Researchers at Penn State University used a hybrid technology to produce electrical power at the transition zone from seawater to freshwater on coasts. It relies on the difference in saline concentration between the two water mediums to generate power. The team estimates the locked energy potential in such a medium is enough to meet 40% of the world’s electricity demand.
Making electricity from varying saline concentrations in water or a saline gradient isn’t exactly a new idea. In 1973, Prof. Sidney Loeb from Ben-Gurion University of the Negev, Israel, invented such a power generation method called pressure retarded osmosis (PRO). This technique selectively allows water to pass through a semi-permeable membrane littered with tiny holes but blocks salt. The resulting osmotic pressure is what generates power by driving a turbine.
Since Loeb introduced PRO, it has become the most common and best technology for generating energy from a saline energy gradient. The process can be run in reverse to desalinate saltwater too.
The problem with PRO, however, is that in time the transport membrane becomes unusable after bacteria congregate as biofilms on its surface or particles get stuck in the holes. Moreover, PRO isn’t very good when the water is super-salty.
Then there’s reverse electrodialysis (RED), which was invented by the same Prof. Loeb in 1977. RED uses an electrochemical gradient instead of a difference in the electric field to develop voltages across ion-exchange membranes. These membranes only allow either positively charged or negatively charged ions to pass through them. Essentially, the difference in ion concentration between either chloride or sodium ions is what drives power generation. Unlike PRO, the ion-exchange membranes in RED do not require water to flow through them so there’s no fouling risk. The downside is that RED isn’t capable of generating large amounts of power.
Finally, there’s a third method called capacitive mixing (CapMix). Relatively recently develop, CapMix involves capturing energy from the voltage that naturally unfolds when two identical electrodes are sequentially exposed to two different kinds of water of varying salinity — freshwater vs saltwater, for instance. Just like RED, CapMix doesn’t generate impressive amounts of voltage.
Two in one
Looking to revamp saline gradient energy power generation, a team at Penn State combined RED and CapMix to create a hybrid tech that generates unprecedented power in an electrochemical flow cell.
Inside the flow cell, there are two channels separated by an anion-exchange membrane. Inside each of the two channels, the researchers placed a copper hexacyanoferrate electrode with a graphite foil acting as a current collector. The cell is completely sealed by two end plates with nuts and bolts.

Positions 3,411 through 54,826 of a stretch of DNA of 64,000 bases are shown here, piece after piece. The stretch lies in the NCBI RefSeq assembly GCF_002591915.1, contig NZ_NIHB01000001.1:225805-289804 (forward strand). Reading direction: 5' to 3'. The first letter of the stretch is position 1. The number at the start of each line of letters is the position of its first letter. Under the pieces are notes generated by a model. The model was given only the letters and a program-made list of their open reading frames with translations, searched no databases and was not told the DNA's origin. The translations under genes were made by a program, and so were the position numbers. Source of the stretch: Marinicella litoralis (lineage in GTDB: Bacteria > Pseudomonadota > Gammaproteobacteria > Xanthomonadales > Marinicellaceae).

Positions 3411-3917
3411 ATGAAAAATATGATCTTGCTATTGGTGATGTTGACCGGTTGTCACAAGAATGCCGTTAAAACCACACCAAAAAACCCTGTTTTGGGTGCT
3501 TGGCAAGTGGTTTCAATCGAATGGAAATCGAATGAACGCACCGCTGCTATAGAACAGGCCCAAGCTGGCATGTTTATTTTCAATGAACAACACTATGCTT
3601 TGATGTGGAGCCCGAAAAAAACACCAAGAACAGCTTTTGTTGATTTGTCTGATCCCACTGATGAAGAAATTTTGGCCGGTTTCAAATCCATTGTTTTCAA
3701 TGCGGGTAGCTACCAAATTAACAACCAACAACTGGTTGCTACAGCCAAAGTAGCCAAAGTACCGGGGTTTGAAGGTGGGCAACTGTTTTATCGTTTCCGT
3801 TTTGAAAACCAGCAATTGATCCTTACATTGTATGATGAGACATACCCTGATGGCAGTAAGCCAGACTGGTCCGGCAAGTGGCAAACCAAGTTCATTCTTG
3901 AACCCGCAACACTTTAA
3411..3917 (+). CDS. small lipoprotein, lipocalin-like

One of the channels is fed with synthetic seawater while the other is fed with synthetic freshwater. Periodically switching the water’s flow paths allowed the cell to recharge and further produce power.
“By combining the two methods, they end up giving you a lot more energy,” said Christopher Gorski, assistant professor in environmental engineering at Penn State.
“There are two things going on here that make it work,” said Gorski. “The first is you have the salt going to the electrodes. The second is you have the chloride transferring across the membrane. Since both of these processes generate a voltage, you end up developing a combined voltage at the electrodes and across the membrane.”
During experiments, the team varied the type of membrane used as well as the salinity difference and recorded the open-circuit cell voltages while two solutions were fed at a rate of 15 milliliters per minute. This is how they learned that:
- stacking multiple cells influences electricity generation;
- the method generates unprecedently high peak power densities of 12.6 watts/m^2 compared to 2.9 watts/m^2 for RED and 9.2 watts/m^2 for PRO. That’s 36% more power density than PRO and all without fouling problems.
“What we’ve shown is that we can bring that power density up to what people have reported for pressure retarded osmosis and to a value much higher than what has been reported if you use these two processes alone,” Gorski said.
In a time where solar and wind are growing rapidly to the point they’re becoming recognized as ‘mainstream’ as opposed to ‘alternative’, it’s refreshing to hear about other, novel means of generating renewable energy. In the face of climate change and growing demand for energy, there is never one solution to our problems but a mix.
“Pursuing renewable energy sources is important,” Gorski said. “If we can do carbon neutral energy, we should.”
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